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Environment:Electricity Saving Efforts

Enhancing Corporate Efficiency in Response to Power Shortages

The power situation in Japan changed dramatically with the Great East Japan Earthquake. In fiscal 2013, action on possible power shortages was demanded mainly in the service areas of Kansai Electric Power, Kyushu Electric Power, and Hokkaido Electric Power companies. Founded on energy conservation efforts that have continued for many years, we are working on power reduction in our sites, in an effort to deal with power cuts during peak periods. Specifically, we took measures suitable to the characteristics of each site, and conducted a wide range of power-saving activities from the three aspects of factories and offices, working style, and activities conducted by employees at their workplaces and homes. As a result, we were able to reduce our power consumption to meet the requests of the power companies in fiscal 2013.

In July 2011, Panasonic established the Corporate Electricity Saving Division to deal with the power shortages expected to continue long into the future, and has been accelerating measures to improve the productivity and management efficiency by making more efficient use of electricity. With the thorough entrenchment of energy-saving activities across the organization, the Corporate Electricity Saving Division was dissolved with successful results as of March 31, 2013. Power conservation efforts will continue into the future to deal with power shortages.

Factories and Offices

In our factories and offices, we implemented power-saving efforts such as “appropriately manage equipment and suspend the use of unnecessary devices,” “enhance the management of power usage,” and “extend the operating hours of in-house power generation systems, increase their capacity, and rent more systems.”

In power-saving, greater power usage visibility is an important element. Advanced technologies such as our energy display system, SE-Navi as well as diligent power-saving activities are being implemented to further enhance corporate efficiency in saving energy. Also, electric power generated by the cogeneration system at our Hokuriku Plant in the Hokuriku Electric Power service area has been classified as Deemed Power Conservation, contributing to the management of power shortages in the Kansai service area and at the same time realizing the power-saving target sought by the power utilities.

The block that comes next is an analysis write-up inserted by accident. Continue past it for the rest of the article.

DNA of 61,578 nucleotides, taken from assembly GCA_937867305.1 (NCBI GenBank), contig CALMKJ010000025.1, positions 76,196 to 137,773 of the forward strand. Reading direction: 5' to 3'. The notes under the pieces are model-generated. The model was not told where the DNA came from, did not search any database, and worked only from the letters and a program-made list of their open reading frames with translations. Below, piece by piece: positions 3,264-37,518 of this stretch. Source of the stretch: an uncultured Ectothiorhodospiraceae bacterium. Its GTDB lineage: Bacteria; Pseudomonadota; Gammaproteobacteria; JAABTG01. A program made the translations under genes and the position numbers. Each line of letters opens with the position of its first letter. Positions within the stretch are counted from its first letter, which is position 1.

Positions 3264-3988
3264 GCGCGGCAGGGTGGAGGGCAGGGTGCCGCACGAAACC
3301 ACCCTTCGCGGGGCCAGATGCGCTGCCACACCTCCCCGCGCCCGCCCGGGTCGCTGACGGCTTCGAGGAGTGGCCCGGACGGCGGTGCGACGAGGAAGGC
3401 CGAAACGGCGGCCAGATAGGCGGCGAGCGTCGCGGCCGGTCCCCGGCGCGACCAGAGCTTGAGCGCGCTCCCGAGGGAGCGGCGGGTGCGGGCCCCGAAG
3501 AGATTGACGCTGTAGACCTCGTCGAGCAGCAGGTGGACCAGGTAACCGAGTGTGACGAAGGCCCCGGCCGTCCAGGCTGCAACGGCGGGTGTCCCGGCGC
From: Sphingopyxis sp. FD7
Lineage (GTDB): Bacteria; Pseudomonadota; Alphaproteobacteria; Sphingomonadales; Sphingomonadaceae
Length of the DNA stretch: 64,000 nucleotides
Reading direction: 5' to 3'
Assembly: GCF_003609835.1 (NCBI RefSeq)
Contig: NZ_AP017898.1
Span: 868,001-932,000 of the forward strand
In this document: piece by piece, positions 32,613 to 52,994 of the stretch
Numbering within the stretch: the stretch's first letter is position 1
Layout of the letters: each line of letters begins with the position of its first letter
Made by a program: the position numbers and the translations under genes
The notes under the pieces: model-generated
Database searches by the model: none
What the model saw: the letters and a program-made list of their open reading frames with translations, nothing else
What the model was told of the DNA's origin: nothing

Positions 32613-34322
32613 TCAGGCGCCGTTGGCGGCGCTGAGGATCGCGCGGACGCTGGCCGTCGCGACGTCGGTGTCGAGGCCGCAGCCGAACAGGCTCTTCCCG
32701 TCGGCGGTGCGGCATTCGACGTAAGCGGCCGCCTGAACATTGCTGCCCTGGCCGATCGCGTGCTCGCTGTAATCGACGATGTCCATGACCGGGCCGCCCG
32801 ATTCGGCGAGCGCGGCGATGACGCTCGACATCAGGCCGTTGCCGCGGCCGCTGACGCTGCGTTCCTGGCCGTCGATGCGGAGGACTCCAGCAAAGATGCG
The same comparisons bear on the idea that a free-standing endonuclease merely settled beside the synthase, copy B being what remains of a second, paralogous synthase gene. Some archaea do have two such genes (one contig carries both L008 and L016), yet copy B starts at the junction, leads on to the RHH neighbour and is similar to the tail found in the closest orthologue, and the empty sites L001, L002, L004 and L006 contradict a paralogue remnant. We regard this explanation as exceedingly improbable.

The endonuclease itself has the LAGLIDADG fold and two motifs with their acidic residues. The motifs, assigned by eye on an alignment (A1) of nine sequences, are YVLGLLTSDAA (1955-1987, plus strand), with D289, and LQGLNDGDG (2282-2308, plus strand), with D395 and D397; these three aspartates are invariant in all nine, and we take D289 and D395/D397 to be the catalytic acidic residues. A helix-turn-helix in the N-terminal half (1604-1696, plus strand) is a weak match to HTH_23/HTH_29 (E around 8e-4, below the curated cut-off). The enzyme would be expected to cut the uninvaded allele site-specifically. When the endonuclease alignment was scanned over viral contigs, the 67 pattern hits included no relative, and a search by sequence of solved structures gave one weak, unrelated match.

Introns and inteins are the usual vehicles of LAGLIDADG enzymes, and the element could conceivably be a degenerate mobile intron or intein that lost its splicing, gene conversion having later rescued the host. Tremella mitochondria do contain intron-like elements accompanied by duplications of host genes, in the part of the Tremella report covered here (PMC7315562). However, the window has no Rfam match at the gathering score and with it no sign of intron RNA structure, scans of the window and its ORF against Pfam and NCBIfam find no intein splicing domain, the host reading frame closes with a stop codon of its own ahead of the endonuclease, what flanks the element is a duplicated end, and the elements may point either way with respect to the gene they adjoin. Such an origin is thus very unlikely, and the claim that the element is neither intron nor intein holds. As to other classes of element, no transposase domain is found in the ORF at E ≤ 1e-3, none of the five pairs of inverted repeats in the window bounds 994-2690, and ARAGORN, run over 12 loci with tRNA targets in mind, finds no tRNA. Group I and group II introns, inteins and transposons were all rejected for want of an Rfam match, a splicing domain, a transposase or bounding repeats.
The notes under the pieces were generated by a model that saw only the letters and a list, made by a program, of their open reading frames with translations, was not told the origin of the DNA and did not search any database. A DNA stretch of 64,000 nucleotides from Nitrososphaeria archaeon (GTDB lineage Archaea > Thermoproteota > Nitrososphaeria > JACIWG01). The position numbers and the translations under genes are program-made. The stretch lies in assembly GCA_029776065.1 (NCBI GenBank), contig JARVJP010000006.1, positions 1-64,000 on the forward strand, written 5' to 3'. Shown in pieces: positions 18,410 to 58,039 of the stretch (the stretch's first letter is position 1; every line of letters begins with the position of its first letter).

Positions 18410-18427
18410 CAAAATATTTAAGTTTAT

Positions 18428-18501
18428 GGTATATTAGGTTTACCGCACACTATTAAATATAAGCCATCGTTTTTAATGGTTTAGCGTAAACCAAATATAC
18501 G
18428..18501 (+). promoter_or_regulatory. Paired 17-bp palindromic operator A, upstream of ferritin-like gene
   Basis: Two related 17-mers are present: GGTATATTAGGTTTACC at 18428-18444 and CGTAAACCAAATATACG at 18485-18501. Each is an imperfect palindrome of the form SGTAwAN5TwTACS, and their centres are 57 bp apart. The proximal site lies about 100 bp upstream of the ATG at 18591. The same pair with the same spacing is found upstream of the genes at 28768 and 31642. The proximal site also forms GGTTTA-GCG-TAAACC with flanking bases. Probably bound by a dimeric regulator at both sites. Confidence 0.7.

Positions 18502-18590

Working Style

As for working style, we promoted “ensure all employees leave work on time and encourage employees to travel directly to and from the work destination without stopping by at the office,” “encourage working at home,” and “expand the ‘cool biz’ period (from May to October),” etc.

Simultaneous leave from July 23-27 was implemented at our corporate Head Office in Kadoma City, Osaka Prefecture, by moving paid leave to be taken in autumn 2012 and later back to the July period. This has contributed to reducing consumption during the power peak for Kansai Electric Power.

Activities Conducted by Employees at Their Workplaces and Homes

Activities conducted by employees at their workplaces and at home include the following: proposals for power saving ideas that can be implemented both in the company and at home; environmental e-tests featuring questions related to power conservation; and promotion of a household Power Saving Action Plan.

In power conservation, activities at the homes of employees are important alongside activities at business sites. For this reason, the Power Saving Action Plan by employees was put into effect in fiscal 2012. In fiscal 2013, 17,800 employees participated in the summer, and so did 13,200 in the winter. Comparing to the results in fiscal 2012, participants succeeded in reducing their use of electricity at their homes by about 1.6% in summer and by about 3.6% in winter, on average per household. The plan has led to successful power conservation. At the same time, a contribution of LED lights that can generate a power conservation effect equivalent to 1% of the total power saved at employees' homes was made to disaster-affected areas since the winter of fiscal 2012. Over three occasions, a total of 1569 LED lights (including extra donations) and 100 solar-powered LED lanterns were donated to Iwate, Miyagi, and Fukushima Prefectures.

LED light bulbs donated through local NPOs

LED light bulbs donated through local NPOs

Donated LED lights being installed

Donated LED lights being installed




Resources for future

Special Program for Touhoku "Smiling for Sure 2021"

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